After Nuclear War, The 'Fallout' Future Looks Grim

We are a little more than three months into 2024 and if short-term memory serves, Prime Video’s “Fallout” may be the first apocalyptic drama of the year.

That seems like a change from the past several years -- when dramas about the end of the world and what happens afterward seemed to arrive every couple of weeks or so and in the process, provided grist for many of these TV blogs.

The good news about “Fallout” is that TV’s obsession with world destruction and its survivors is in capable hands.

The eight-part series is a spinoff of the “Fallout” video game that was first released in 1997 and then reportedly became hugely popular.

With its origins in the video game world, the development of the “Fallout” TV series may have been inspired by “The Last of Us,” the apocalyptic series that premiered on HBO last year that was also developed from a video game.



“The Last of Us” was one of the best new series of 2023.

“Fallout” stands a good chance of earning the same sobriquet for 2024. The series takes place in the year 2296 (as far as I can determine), 219 years after a nuclear exchange between the U.S. and someone else (in the video game, it’s China).

At the outset, we first see the mushroom clouds of 2077, and then the series flashes forward to a community in the 23rd century working to reestablish the human race and the norms -- such as they were -- of the very distant past.

To say much more has the potential to spoil the unspooling of the story in Episode One, previewed by the TV Blog.

But it gives almost nothing away to say that the residents of this sheltered, planned community will soon come into contact with groups living outside of any norms, much less the ones imagined from two centuries previously.

The first episode sets up a number of subplots involving various groups that have formed in the 200 years of the post-apocalyptic era.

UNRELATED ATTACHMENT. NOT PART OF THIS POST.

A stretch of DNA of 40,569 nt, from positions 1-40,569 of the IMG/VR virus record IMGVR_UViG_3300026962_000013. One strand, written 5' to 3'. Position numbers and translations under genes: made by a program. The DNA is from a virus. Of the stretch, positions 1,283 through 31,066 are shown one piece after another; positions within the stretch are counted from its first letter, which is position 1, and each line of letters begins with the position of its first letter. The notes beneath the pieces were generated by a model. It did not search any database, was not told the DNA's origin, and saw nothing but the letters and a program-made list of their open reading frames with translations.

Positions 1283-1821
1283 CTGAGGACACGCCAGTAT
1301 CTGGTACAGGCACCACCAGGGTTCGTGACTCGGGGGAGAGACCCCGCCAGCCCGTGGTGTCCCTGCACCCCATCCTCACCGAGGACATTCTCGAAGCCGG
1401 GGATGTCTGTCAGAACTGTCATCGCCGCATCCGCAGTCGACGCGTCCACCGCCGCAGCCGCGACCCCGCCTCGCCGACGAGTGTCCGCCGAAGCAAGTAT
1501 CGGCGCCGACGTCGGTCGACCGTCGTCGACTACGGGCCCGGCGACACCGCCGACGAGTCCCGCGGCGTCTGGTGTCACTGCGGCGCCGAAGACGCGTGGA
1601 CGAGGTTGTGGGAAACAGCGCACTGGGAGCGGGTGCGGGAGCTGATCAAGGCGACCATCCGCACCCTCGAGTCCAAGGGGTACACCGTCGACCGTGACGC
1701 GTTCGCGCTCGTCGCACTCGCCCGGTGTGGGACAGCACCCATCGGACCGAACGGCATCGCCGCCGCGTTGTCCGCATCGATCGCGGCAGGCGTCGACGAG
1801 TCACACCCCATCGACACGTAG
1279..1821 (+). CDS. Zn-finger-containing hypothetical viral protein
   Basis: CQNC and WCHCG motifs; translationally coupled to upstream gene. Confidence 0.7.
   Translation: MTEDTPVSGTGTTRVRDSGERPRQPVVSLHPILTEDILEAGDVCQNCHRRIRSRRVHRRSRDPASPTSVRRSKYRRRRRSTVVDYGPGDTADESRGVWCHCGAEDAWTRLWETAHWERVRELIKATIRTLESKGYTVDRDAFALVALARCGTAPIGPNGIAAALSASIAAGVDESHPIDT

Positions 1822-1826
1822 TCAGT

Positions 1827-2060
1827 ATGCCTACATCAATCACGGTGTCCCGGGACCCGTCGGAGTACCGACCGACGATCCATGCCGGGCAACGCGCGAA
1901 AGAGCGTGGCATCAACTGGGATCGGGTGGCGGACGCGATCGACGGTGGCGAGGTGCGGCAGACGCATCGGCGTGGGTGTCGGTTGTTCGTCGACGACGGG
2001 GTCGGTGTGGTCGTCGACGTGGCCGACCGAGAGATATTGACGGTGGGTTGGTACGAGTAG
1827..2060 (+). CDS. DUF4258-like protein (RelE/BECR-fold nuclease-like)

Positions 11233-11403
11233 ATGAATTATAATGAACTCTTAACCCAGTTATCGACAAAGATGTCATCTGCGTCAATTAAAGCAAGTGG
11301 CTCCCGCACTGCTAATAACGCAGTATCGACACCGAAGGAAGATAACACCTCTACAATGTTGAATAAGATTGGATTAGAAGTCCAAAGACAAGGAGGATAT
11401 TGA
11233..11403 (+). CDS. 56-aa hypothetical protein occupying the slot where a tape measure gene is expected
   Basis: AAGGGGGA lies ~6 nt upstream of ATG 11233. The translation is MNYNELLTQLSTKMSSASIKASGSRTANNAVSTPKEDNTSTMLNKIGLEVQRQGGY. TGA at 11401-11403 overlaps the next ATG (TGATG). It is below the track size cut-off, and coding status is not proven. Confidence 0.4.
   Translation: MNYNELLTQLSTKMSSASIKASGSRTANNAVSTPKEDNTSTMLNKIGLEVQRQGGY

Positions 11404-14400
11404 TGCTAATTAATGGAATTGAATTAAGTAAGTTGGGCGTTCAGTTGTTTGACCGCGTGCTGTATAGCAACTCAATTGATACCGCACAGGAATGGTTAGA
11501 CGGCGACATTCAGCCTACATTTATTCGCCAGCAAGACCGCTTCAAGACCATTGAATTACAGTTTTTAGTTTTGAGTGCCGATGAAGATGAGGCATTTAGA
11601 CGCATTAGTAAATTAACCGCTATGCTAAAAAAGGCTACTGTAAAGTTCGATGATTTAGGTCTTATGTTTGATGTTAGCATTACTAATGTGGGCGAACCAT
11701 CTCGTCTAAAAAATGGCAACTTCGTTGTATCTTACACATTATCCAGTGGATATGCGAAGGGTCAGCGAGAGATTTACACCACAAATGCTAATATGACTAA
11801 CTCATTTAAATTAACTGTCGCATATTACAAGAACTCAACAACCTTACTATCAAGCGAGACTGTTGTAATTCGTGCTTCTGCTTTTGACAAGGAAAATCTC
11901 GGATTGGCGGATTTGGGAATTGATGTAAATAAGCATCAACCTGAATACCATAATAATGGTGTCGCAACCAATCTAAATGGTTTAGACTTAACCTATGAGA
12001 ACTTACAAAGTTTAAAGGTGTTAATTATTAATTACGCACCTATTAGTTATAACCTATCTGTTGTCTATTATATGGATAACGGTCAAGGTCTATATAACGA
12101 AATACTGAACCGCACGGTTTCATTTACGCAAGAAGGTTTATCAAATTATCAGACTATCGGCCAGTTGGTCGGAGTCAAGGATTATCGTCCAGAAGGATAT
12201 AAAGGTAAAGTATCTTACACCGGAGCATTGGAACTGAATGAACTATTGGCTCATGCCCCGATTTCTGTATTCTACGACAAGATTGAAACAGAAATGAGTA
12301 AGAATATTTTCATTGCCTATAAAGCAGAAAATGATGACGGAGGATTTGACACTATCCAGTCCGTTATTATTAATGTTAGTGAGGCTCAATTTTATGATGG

With the exception of two of them, how these groups will intersect and interact with each other going forward was not revealed in Episode One.

In its use of groups and subgroups rising from the ashes of nuclear war, “Fallout” borrows from previous renderings of a future world after a catastrophe.

Most memorably, the tribal landscape of the “Mad Max” movies come to mind. But “Fallout” stands on its own, thanks to an attention to detail that renders its various settings and storylines plausible.

In the show, the isolated community at the center of the story lives a lifestyle that has more in common with the 1950s than the presumably modern, technological world of 2077.

That’s because the high-tech world mankind enjoyed in the second half of the 21st century was destroyed by some of that very technology.

The star of the show is Ella Purnell (photo above) as “Lucy,” who becomes the first resident of the closed community in which she grew up to venture out into the outside world.

She is on a mission to find her father (played by Kyle MacLachlan). Also in the standout cast: Walton Goggins as a survivor from the 21st century with a 200-year-old chip on his shoulder.

“Fallout” starts streaming on Wednesday, April 10, on Amazon Prime Video.

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